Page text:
I have to say, I’m a little disappointed in my first trip to China. Although, I think this might be due to having a lack of “local inspiration” to guide me through & show me the best food, the best things to see, and the real non-touristy experiences that I always crave. It is inevitable that I will be traveling to China again, and have prepared myself in advance by requesting guides with those I meet with for one full day, so I hope that my next visit goes more smoothly.
Well, it’s now 6:30pm and I’m sitting on the floor in the Hong Kong airport…alone. To make matters worse, there is a creepy man that looks like the big teeth guy on Theres Something About Mary who keeps rubbing ointment on his fingers.
A safe is in fact a safe place, naturally. But with any safe place, you must always remember that something is stored there in the first place. After about an hours worth of metro stops and a near finished ride on the Maglev train, Robert only then realized that his passport was safely stored in the safe back in the hotel we checked out of about two hours prior. I wanted to panic at that moment, but instead found myself hiding so I could discretely laugh. For such a world traveller it really is quite amusing that he’d leave behind the one thing that couldn’t be retrieved later on. Needless to say, there were no later flights – all airlines were full from Shanghai to Hong Kong. So I went on alone so I wouldn’t miss my meeting. After a 45 minute wait in the customs line I realized that I had given all my money to Robert to exchange into HKD. So, I’m flying somewhere I’ve never been to meet a person I’ve never met, and I have no money. Fabulous!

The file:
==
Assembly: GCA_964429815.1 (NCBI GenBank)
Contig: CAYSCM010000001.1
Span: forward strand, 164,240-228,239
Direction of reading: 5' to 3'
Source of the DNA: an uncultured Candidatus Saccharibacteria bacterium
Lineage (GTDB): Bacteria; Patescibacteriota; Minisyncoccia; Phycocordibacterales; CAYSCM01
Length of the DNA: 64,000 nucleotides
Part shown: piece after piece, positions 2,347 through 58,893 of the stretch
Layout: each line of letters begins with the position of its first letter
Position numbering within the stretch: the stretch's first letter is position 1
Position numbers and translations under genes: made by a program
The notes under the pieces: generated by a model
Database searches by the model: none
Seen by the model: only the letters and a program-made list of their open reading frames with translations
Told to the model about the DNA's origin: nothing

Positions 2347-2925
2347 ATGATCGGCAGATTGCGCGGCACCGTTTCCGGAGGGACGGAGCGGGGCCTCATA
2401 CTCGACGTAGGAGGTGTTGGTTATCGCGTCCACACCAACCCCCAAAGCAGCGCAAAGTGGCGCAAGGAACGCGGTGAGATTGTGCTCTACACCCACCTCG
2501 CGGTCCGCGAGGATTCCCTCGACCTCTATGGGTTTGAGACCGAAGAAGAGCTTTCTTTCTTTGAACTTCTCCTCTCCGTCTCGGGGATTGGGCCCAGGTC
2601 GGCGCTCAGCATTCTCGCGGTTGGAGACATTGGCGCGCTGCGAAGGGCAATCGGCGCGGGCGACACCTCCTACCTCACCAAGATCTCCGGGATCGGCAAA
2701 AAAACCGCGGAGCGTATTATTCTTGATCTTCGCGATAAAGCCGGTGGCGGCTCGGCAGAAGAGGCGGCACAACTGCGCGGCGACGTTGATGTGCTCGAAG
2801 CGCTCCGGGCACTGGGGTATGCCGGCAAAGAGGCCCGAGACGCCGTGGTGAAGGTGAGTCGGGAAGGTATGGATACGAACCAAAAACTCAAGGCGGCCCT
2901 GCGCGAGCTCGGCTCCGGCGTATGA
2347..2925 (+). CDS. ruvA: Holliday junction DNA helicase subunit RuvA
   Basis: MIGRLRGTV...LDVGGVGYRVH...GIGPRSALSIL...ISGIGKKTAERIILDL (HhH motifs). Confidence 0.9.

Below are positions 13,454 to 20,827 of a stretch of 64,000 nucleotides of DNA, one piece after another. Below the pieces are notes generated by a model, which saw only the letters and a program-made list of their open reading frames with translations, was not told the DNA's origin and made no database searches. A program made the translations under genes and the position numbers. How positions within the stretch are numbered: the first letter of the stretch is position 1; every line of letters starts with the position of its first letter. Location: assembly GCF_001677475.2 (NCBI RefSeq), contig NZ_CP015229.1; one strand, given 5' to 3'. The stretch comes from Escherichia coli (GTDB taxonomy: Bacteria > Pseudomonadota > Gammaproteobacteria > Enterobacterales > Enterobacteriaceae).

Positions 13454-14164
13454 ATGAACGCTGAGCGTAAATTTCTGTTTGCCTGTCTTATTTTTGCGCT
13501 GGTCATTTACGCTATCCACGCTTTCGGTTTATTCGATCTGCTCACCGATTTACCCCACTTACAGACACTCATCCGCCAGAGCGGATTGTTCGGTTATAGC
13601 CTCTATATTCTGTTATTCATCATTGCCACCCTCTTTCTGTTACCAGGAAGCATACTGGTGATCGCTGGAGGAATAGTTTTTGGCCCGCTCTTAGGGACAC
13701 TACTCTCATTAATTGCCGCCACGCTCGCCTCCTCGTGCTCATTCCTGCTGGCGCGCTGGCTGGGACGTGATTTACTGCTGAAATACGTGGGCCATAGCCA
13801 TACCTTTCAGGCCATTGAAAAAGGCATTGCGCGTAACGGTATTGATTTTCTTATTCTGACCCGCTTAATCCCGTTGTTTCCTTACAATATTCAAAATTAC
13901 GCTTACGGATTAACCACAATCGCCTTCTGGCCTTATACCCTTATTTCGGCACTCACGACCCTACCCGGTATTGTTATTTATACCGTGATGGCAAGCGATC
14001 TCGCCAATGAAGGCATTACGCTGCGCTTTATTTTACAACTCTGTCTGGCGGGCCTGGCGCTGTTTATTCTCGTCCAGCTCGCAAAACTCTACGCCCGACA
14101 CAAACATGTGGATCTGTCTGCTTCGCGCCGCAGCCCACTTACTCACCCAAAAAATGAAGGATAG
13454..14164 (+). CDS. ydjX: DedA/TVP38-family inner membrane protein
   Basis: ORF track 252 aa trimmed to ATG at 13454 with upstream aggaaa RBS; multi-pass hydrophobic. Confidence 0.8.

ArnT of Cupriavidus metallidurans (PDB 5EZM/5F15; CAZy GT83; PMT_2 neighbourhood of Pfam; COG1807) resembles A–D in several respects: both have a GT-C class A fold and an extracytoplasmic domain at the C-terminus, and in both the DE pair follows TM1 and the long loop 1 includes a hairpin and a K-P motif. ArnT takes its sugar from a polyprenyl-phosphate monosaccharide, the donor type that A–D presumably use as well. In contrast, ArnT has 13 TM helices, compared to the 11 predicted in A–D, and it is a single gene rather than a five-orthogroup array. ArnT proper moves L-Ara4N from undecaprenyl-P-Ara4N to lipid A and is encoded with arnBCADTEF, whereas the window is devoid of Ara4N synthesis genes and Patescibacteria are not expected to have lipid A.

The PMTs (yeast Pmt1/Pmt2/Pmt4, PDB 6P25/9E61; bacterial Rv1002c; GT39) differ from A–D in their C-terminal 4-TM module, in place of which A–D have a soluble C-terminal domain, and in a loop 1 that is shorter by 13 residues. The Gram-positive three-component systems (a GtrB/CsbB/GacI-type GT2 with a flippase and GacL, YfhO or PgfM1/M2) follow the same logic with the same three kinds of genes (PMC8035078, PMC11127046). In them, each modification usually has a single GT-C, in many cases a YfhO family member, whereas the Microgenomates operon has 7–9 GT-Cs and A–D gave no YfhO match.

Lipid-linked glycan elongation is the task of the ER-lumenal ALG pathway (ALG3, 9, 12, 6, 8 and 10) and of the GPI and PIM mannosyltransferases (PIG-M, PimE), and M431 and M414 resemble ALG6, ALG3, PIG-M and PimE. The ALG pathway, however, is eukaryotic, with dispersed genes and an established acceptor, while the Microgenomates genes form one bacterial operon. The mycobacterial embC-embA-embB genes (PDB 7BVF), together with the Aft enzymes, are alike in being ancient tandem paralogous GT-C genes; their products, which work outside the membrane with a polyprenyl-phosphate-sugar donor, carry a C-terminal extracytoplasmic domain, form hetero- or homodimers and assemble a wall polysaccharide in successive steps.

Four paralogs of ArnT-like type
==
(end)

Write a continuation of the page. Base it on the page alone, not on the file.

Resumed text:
I lucked out though – the duty free magazine had round trip Airport Express passes to Kowloon Station available – the very place I was heading. And they also accepted American Express, so double luck for me. I made it to my meeting solo, had a nice lunch with a new distributor, and headed back to the airport on schedule only to find my flight has been delayed twice now.
And that brings us to now…sitting in a terminal bored to death while constantly changing gates since Cathay Air likes to keep us guessing. Good times. Eventually I will make it to Taipei and hopefully luck is on my side again since I have no clue how I’m going to find my way to the hotel.
I’m a little sad I didn’t get to actually SEE Hong Kong. The 30 minute train ride was amazing and I can truly say that it was 10x more beautiful than anything I saw in Shanghai. China isn’t high on my repeat travel list but after a glimpse of Hong Kong I do believe I’d like to return to this area.
Tomorrow is a very important day – a big meeting that holds much possibility for us. I hope I can find someone who speaks English in Taipei who can point me in the right direction so I just might get a good nights sleep tonight. Or maybe I’ll sprawl out on the seats here in the terminal like the 5,000 others waiting for their flight.
Think happy thoughts for me as my travels continue – my passport is starting to look pretty darn cool with all these fancy stamps but it’s all useless if I can’t make it home to show off 😉